So what’s the “Fundamental” price of housing in USA?
How about this for a “valuation hypothesis”, how about if “fundamental” utility of a house to someone who owns it, is a as a place to live, that is as opposed, for example, to being a gambling chip that you can pawn so as you can “play the markets”.
If that’s right, it follows you can work out the “fundamental” using a modified income capitalization valuation based on the logic that (a) the fundamental utility value (as a proxy for cash-flow) of an owner-occupied house is a constant proportion of nominal GDP, thus per house it’s a constant proportion of nominal GDP divided by the number of houses (b) that the applicable yield (to get to price from cash flow) is an “S” Curve function of the MA of the 30-Year Treasury.
You might disagree with the logic there, and say, “Oh but I don’t see Father Christmas in that algorithm”. What you can’t argue with is that if you plot that valuation model against actual for the past 100 years you get a 98.8% R-Squared.
What that means in plain English is that “valuation model” explains 98.8% of changes in house prices in USA (according to Shiller’s data) over one hundred years.
The next best model I heard of is Shiller’s; that explain 54.2% of the changes. In case you are a Nobel Prizewinning economist, I would like to explain 98.8% is a LOT better than 54.2% as validation of a valuation model.
The long-explanation of the logic for that is at:
This is my analysis recently up-dated compared to Shiller, with the “Y” axis an estimate of the percentage degree of over and under-pricing (so 100% on the “Y” axis means prices are double the “fundamental” and -50% means they are half).
So what’s different?
Shiller’s model is based on the idea that house prices should track CPI, which is logical, except:
(A): Twenty-five percent or so of CPI is the cost of “shelter” so that’s not an independent variable for figuring house prices.
(B): Starting 1987 the US Government began to mess around with how CPI was calculated; the biggest “adjustment” was “owner’s equivalent of rent”, which “assumes” (a) the world is flat (b) the utility cost of 90% of the housing market (by value) can be worked out from the other 10%. If you can’t understand how stupid that is, I recommend you instantly apply for a job with some US government department, as an economist. Most (sane) people agree that from that point CPI in USA was under-reported.
That would explain why Shiller’s “Real-House-Price-Index” is off the mark in the 2006 bubble.
Also, an interesting point, if the mispricing now is as calculated here (about 5% under), that suggests that now the cumulative misrepresentation of CPI since 1987 is a factor of 1.26 meaning that on average CPI was under-reported by about 2.36% a year since 1992 which is when the lines started to diverge.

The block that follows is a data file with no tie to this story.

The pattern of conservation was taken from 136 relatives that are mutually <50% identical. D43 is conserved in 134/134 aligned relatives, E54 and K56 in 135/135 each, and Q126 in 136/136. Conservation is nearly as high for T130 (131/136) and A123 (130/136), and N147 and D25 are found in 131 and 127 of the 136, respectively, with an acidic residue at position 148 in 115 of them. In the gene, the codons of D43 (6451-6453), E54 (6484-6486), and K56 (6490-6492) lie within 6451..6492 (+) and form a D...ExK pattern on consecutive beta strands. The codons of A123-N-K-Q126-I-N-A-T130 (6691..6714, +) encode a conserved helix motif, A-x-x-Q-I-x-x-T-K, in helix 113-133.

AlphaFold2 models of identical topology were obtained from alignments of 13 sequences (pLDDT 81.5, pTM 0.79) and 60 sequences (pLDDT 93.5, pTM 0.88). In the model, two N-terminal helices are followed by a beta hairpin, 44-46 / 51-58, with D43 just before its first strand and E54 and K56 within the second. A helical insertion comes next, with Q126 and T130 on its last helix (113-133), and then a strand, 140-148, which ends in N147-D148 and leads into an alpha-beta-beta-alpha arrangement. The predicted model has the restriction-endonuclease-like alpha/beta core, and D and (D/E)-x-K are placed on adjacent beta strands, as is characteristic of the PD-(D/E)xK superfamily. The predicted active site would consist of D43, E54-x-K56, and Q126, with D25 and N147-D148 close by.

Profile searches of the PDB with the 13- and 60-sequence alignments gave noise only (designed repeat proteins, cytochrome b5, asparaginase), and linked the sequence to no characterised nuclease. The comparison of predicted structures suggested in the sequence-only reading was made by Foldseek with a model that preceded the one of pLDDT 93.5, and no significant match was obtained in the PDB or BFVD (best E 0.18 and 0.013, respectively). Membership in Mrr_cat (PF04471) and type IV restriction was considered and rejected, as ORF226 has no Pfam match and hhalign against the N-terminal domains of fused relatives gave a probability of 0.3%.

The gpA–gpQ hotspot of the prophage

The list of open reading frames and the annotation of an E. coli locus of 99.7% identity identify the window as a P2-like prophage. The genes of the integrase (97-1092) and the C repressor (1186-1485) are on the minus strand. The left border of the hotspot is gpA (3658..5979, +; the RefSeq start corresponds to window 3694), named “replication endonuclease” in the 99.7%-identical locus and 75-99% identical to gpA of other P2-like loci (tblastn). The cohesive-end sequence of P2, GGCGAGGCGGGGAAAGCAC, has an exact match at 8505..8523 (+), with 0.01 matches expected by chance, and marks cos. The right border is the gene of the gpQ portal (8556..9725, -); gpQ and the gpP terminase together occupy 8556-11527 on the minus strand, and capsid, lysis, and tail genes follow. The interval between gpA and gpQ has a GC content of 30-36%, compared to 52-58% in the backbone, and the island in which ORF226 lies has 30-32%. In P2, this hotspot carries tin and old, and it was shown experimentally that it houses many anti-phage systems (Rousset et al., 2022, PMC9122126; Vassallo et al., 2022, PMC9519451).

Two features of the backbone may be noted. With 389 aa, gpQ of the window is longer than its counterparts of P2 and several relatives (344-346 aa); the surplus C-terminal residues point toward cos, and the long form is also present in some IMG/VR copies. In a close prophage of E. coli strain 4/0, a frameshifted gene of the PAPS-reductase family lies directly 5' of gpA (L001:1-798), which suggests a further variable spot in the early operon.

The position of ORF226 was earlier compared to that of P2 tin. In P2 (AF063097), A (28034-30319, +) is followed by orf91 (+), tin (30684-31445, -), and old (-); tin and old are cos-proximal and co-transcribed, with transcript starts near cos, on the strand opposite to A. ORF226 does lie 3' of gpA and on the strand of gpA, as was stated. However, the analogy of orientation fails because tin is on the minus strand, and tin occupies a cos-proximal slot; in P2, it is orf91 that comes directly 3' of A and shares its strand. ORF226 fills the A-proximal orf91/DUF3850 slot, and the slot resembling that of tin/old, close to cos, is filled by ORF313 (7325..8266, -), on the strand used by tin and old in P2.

I’m not sure that’s something of interest to Nobel-prizewinning economists? Probably not, the consensus appear to believe that measurement of inflation in USA is something that magically occurs under the Divine Supervision of 2,000 PhD economists deep in the vaults of the Bureau of Labour, and that their pronouncements could not possibly be wrong.
The BubbleOmics line in that chart is an update with minor “tweaking” of an analysis which was initially done in March 2008, and which I confess I have not revisited except to make “back-of-the-envelope” estimates.
This updated analysis was a bit of a surprise. Previously I’d thought the “bust” had about bottomed, now I’m pretty sure that the bust has not been fully expressed, held back by frantic efforts of the US administration to save the moronic bankers from the folly of their collective lunacy from 2002 to 2007; extending and pretending and pretending and extending.
As if putting your head in the sand works long-term! But if you have the power to blow up dots walking across the landscape on the other side of the world that you suspect are evil-doers plotting the destruction of America, surely you have the power to manipulate markets in your back-yard? As Churchill said, “power corrupts; absolute power corrupts absolutely”.
The problem is that governments are fleas on the back of the elephant of markets, sometimes they can influence events, but like King Canute found out, eventually, the tide comes in.
This is what BubbleOmics says will happen; basically at some point something has to give, and prices need to get down to where market clearing of all the mal-investments of 2003 or so to 2006, get washed out of the system. The alternative is for the government to keep trying to bail-out the incoming tide, and even in America, there is a limit to how much the government can borrow or the Fed can print, to bail out the morons on Wall Street.
Let’s say with “foreclosure-gate” and more efforts by the US Administration to delay the day of reckoning, keeps the “uncomfortable insanity” of the marketplace at bay until 2013, and let’s say that the 30-year stays more or less at what it is now, and nominal GDP growth is 5% (inflation is always an option).
Then if the “BubbleOmics” valuation model is right, house prices will bottom 15% below where they are now, sometime in 2013.
The good news, I suppose, is that’s not 50% below where they are now, which is what the logical conclusion of Professor Shiller’s analysis says.
By Andrew Butter
Twenty years doing market analysis and valuations for investors in the Middle East, USA, and Europe; currently writing a book about BubbleOmics. Andrew Butter is managing partner of ABMC, an investment advisory firm, based in Dubai ( firstname.lastname@example.org ), that he setup in 1999, and is has been involved advising on large scale real estate investments, mainly in Dubai.